Earlier last month, a truck in Mexico ended up slamming into a series of cars and religious pilgrims, killing several and injuring dozens. According to a news report, the tragic accident occurred near Mazapil.
Evidently, several hundred pilgrims were walking toward the famed San Gregorio Mango church when a truck carrying sand rammed into the marching individuals as well as several cars. The truck then ended up swerving into a building and pinning people up against the façade. Witnesses explained that the dump truck driver jumped out of his truck before the vehicle finally stopped. Fourteen individuals were pronounced dead at the scene of the accident, and many other individuals were transported to local hospitals because of severe injuries.
The Health Minister explained that the death toll had risen to around 26 individuals by the end of the day. Additionally, about 120 people were hurt, and over 40 were still hospitalized. There is no information regarding the cause of the dump truck’s initial crash, but the owner of the trucking company has been identified. The religious festival brought over 1,000 people from the surrounding areas to the north-central town.
Vicarious Employer Liability in Trucking Accidents
In many situations, a truck driver’s employer may be liable for the actions of a truck driver. New Mexico recognizes some derivative negligence claims that may impute liability to an employer for their employees’ actions. There are four major types of these theories in New Mexico:
Respondeat Superior: Under this theory, an employer may be liable to a victim in a negligence action when their employee commits a negligent act while acting within the “course and scope” of their employment. In a situation such as the one above, the victims may attempt to put forth a claim against the trucking company if they can establish that the driver was engaged in the employer’s business when the accident occurred.
Negligent Entrustment: These types of claims often arise in car accident cases. In order to prove a case using this theory, the plaintiff must be able to show that the owner of the vehicle allowed the driver who caused the accident to use their car. They must also be able to show that the owner of the vehicle should have known that the person using the car would create an unreasonable risk of harm. Lastly, the plaintiff must show the basic elements of negligence against the actual driver.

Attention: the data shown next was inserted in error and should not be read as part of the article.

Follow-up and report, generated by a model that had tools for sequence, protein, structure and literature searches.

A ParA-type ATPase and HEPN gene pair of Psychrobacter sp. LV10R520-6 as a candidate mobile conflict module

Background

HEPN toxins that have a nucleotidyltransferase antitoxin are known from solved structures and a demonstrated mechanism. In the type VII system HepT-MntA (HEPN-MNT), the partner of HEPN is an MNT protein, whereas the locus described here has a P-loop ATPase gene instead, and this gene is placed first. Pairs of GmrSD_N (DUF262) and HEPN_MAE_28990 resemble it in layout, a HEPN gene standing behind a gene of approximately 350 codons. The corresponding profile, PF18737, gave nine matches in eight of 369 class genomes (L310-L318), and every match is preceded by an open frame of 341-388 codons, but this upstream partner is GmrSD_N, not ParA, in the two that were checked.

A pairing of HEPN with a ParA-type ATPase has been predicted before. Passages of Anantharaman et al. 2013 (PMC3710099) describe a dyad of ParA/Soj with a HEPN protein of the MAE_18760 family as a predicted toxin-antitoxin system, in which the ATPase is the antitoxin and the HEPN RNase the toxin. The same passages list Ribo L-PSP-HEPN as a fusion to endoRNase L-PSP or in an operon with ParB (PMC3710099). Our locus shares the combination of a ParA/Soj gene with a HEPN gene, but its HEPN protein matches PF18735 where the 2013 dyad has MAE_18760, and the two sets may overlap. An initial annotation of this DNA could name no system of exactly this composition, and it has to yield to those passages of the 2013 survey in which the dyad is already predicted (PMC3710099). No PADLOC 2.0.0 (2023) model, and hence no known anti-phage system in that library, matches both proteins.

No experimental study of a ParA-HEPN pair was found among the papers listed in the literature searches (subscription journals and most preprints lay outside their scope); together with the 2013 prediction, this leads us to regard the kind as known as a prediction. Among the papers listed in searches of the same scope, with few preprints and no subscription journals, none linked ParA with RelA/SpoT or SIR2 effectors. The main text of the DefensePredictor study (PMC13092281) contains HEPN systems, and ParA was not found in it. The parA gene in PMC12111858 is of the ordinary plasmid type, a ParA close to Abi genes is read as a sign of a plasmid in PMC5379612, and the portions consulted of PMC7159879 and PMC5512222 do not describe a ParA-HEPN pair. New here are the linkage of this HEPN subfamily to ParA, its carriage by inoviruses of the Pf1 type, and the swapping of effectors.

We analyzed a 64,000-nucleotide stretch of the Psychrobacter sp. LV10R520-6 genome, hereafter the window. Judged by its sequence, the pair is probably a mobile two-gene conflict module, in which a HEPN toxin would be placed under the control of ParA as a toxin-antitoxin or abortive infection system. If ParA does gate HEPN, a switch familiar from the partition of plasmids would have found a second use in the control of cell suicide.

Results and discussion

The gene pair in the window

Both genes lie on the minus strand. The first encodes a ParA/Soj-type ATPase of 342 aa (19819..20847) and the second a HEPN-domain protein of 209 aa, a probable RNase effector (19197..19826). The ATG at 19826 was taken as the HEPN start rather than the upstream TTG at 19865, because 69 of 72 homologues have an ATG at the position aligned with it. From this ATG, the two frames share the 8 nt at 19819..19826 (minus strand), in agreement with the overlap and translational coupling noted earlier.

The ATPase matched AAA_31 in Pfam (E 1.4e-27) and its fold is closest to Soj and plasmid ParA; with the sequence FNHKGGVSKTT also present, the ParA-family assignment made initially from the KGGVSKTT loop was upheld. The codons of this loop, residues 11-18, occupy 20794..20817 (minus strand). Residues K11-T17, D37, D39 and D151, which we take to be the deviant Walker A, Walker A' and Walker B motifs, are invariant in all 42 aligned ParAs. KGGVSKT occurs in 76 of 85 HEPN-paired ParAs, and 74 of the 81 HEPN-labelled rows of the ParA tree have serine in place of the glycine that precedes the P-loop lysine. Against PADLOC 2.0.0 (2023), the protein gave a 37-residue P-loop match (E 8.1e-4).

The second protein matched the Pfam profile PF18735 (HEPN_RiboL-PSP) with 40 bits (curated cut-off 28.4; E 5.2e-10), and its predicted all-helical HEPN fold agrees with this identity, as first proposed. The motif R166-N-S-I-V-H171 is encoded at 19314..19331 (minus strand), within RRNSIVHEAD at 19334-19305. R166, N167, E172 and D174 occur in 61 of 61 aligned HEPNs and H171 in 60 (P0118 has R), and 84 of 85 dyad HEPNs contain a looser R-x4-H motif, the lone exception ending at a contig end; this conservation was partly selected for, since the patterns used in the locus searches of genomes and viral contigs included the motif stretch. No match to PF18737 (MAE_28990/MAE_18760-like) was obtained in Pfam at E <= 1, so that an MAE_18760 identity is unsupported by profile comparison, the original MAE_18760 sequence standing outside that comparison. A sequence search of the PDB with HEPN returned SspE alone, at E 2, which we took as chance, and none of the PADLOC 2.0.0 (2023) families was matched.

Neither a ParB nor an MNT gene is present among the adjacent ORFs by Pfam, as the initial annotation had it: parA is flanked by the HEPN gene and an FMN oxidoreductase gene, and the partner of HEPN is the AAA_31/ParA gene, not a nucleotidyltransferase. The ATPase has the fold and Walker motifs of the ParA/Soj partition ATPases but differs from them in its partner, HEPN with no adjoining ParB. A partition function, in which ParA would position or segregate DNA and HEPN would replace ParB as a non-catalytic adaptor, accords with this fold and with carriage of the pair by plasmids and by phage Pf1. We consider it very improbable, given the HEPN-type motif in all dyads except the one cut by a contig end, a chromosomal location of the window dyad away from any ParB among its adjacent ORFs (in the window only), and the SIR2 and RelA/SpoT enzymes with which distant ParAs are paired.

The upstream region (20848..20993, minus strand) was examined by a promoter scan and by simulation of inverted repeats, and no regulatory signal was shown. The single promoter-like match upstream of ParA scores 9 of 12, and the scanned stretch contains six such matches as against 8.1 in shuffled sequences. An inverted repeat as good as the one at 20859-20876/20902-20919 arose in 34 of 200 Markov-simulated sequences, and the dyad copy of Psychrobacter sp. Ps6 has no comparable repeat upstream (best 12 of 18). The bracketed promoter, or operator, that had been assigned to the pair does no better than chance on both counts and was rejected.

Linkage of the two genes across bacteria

Negligent Hiring: New Mexico also allows claims against an employer using the theory of negligent hiring. The plaintiff must be able to show that the employee was unfit and a risk to others, the employer knew or should have known this, and the employer’s negligence was the “proximate cause” of the accident.
Negligent Training/Supervision: Lastly, New Mexico allows claims under the theory of negligent training and supervision. The plaintiff must be able to show that the employer did not use reasonable care in training or supervising the negligent employee and that this negligence was the proximate cause of the victim’s injuries.
Have You Been Injured Because of a Truck Driver’s Negligence?
If you or a loved one has been injured because of the negligence of a truck driver, you may consider bringing a claim against their employer as well. As you can see from above, there are many legal theories that these types of claims can be brought under, and they are each complex and require a significant amount of investigation, preparation, and research. If you have been injured, you may be able to collect damages from the employee as well as their employer. It is important that you contact an experienced truck accident attorney at the Fine Law Firm to discuss your rights and remedies. Contact the Fine Law Firm at 505-889-FINE to schedule a free initial consultation.
More Blog Posts:
Three Killed in Accident Between Two Semi-Trucks and a Tourist Bus, New Mexico Personal Injury Lawyer Blog, June 11, 2015.
New Mexico Woman Arrested after Arriving at Husband’s DUI Stop Drunk, New Mexico Personal Injury Lawyer Blog, July 6, 2015.